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Thousands of people are unnecessarily dying because we misinterpret how those struggling with addiction think, according to a philosopher, German Lopez.
After a year of reporting on the crisis, Lopez claims the stigma against addiction “is the single biggest reason America is failing in its response to the opioid epidemic,” and to overcome that stigma, we need to first understand it.
In 2016, 42,300 people died of an opioid overdose. Yet treatment programs, medically assisted treatment (MAT), and harm reduction policies (like needle exchanges and supervised injection sites) exist. Lopez argues that the success of these programs has been inhibited by the perception that addiction is a moral failing, along with the myth that helping a person suffering is somehow enabling them, rather than helping them find sobriety.
Cursed By Stigma?
A recent Vox report featured a felony treatment court judge referring to MAT as a “crutch.” That same judge went on to say that, according to the former health and human services secretary, Tom Price, the person is “just substituting one opioid for another.” In Indiana, county commissioner Rodney Fish blocked a needle exchange program, quoting the bible in his reasoning.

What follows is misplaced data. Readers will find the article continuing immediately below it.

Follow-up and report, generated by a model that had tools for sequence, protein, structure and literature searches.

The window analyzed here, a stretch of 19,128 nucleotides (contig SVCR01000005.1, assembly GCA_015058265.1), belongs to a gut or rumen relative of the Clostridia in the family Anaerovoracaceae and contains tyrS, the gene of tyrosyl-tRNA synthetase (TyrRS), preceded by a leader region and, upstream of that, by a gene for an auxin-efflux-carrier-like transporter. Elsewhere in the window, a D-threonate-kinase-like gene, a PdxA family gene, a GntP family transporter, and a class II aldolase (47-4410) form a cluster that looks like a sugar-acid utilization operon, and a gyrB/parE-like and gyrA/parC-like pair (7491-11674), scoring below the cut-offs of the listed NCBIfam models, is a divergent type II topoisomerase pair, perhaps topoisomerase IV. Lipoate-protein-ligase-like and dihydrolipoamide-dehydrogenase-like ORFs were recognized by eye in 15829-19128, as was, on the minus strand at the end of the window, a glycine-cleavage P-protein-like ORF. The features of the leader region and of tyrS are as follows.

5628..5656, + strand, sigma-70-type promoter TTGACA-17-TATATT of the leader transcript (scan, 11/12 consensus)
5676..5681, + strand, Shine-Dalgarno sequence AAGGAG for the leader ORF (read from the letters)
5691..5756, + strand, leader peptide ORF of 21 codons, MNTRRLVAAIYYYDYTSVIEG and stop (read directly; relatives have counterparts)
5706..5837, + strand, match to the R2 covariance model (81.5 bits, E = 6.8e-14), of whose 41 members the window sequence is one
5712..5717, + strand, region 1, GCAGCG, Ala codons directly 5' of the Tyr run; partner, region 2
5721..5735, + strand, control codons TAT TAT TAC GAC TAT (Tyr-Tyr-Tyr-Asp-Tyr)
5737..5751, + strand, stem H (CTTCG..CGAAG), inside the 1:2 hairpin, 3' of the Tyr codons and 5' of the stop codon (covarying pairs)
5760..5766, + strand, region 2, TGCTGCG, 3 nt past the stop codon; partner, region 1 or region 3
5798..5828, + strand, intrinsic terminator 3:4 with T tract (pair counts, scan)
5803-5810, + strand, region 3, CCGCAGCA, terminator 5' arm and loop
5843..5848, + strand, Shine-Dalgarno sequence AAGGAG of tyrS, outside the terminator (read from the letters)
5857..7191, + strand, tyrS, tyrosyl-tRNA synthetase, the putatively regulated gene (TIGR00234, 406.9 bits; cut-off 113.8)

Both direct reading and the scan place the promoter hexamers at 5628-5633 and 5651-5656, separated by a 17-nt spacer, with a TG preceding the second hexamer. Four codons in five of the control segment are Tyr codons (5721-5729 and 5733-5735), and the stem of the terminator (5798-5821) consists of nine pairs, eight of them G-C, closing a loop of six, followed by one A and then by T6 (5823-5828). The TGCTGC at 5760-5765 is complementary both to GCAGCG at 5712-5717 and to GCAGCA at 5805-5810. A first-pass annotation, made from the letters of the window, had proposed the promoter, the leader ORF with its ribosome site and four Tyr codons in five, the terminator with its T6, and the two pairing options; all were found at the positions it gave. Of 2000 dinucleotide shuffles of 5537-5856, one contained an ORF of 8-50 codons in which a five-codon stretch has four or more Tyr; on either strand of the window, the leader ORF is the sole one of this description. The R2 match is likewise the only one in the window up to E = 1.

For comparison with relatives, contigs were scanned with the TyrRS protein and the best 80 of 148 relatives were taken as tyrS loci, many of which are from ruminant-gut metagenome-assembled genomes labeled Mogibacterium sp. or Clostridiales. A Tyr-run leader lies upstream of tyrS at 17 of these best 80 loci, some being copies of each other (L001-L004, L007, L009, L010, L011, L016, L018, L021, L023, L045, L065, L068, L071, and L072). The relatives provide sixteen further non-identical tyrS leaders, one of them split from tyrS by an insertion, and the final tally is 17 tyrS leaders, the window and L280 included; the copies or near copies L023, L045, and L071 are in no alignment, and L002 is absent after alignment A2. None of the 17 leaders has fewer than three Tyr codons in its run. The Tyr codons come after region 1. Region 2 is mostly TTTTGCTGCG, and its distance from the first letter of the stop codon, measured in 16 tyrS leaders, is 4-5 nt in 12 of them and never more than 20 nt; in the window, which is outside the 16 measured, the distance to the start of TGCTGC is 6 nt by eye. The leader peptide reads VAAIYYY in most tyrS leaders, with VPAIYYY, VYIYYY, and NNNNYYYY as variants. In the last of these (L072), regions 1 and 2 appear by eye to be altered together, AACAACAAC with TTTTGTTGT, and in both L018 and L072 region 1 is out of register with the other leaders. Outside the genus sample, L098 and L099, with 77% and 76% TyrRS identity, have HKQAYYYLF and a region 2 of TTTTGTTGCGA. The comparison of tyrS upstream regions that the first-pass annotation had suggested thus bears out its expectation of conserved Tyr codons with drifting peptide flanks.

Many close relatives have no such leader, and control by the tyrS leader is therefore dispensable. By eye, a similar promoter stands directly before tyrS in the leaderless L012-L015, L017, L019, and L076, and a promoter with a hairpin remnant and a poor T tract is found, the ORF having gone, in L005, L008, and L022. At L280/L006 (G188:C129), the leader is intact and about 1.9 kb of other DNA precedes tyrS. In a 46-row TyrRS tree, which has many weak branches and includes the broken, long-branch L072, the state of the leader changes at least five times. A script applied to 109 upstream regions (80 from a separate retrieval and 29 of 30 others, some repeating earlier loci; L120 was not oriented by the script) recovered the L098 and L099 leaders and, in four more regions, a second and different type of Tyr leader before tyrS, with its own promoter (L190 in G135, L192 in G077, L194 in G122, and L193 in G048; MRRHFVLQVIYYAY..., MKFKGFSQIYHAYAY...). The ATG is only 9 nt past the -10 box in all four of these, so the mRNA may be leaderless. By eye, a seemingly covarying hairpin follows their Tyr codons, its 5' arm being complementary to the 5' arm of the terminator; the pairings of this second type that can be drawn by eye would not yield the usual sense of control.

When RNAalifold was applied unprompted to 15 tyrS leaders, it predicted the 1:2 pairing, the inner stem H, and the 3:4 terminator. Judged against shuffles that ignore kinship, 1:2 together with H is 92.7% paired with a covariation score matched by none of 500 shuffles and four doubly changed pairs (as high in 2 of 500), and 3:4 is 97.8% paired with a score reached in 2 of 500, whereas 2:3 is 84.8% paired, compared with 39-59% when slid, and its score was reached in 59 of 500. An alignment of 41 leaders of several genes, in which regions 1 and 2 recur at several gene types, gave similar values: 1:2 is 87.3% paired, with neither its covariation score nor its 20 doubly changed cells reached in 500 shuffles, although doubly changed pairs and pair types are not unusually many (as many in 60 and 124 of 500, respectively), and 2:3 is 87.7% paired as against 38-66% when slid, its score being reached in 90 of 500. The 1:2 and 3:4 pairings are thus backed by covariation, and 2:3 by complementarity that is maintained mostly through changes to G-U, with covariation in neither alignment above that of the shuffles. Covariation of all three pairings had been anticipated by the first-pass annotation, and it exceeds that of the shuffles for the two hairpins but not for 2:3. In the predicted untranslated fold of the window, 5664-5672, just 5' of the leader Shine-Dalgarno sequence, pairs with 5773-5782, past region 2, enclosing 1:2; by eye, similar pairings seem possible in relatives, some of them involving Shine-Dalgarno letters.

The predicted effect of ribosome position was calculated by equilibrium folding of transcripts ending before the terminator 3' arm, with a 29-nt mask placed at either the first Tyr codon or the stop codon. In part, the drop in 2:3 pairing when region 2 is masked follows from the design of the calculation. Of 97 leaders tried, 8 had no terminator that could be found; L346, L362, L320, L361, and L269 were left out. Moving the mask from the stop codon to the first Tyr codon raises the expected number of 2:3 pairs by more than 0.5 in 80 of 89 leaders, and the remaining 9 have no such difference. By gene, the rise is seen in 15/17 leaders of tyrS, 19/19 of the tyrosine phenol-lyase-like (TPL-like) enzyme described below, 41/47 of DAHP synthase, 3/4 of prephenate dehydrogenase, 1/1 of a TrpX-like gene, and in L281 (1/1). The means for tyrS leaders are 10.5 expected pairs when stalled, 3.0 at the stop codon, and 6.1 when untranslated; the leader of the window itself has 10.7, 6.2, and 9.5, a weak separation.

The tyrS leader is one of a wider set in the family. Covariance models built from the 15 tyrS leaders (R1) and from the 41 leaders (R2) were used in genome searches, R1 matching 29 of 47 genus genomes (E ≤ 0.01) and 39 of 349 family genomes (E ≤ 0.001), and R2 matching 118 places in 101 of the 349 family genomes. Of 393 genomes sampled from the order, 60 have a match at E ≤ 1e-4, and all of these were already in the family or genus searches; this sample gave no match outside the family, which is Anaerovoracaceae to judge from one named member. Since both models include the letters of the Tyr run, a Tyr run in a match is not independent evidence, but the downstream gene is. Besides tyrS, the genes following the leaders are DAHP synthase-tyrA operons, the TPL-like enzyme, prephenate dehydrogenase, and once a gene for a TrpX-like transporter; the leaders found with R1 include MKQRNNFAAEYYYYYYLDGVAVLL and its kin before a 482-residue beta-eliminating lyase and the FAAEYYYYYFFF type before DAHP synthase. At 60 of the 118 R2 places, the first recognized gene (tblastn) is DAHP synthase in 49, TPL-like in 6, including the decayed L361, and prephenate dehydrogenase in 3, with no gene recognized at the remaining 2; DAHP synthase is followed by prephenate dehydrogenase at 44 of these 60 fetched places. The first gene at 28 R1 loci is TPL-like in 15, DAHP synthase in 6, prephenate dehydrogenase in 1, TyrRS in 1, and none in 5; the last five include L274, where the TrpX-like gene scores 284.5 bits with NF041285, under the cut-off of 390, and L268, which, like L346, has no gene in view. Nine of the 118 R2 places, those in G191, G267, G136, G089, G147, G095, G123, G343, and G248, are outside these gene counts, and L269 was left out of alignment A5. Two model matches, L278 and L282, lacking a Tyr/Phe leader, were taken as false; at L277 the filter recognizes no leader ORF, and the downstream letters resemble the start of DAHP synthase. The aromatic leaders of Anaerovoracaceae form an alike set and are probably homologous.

While advocacy groups and people speaking openly about recovery have helped change the perception of addiction, there are still many who believe it is a matter of choice – that we have the power of choice to take the drugs over the negative consequences. In choosing drugs, we’re viewed as having weak character or poor judgement.
It is this kind of stigma that Lopez claims is doing the real damage. Philosophically, he believes this is caused by the misguided belief that people always do what they think is best, and that their actions reflect their values and beliefs. Yet, when people take drugs and develop substance use disorder, the power of choice has gone. They are motivated much less by their morals and values and more by their need to fulfill a physical addiction.
The Flawed Philosophy of Addiction
Lopez argues that this flawed philosophy of addiction is what shapes our treatment of it, whether we’re aware of that or not. This is evident in the idea that someone has to hit a rock bottom – to experience the grave consequences of their choices – before they can find recovery.
Another example of that philosophy is that MAT and needle exchange programs are viewed as a means of enabling, mitigating the issues, and leaving the underlying problems unresolved. If that were the case, then why are more and more people finding recovery before they get to deaths door?
Could we adopt a more sympathetic view of substance use disorder? Lopez argues we can. In doing so, he suggests that we need to change our perception of addiction. For example, we must recognize that powerful drugs have the power to hijack rational choice in favor of pleasure.
It is by understanding these scientific facts, as opposed to unfounded judgments, that we might start viewing addiction as a disease instead of a moral failing…and improve our chances of beating this epidemic.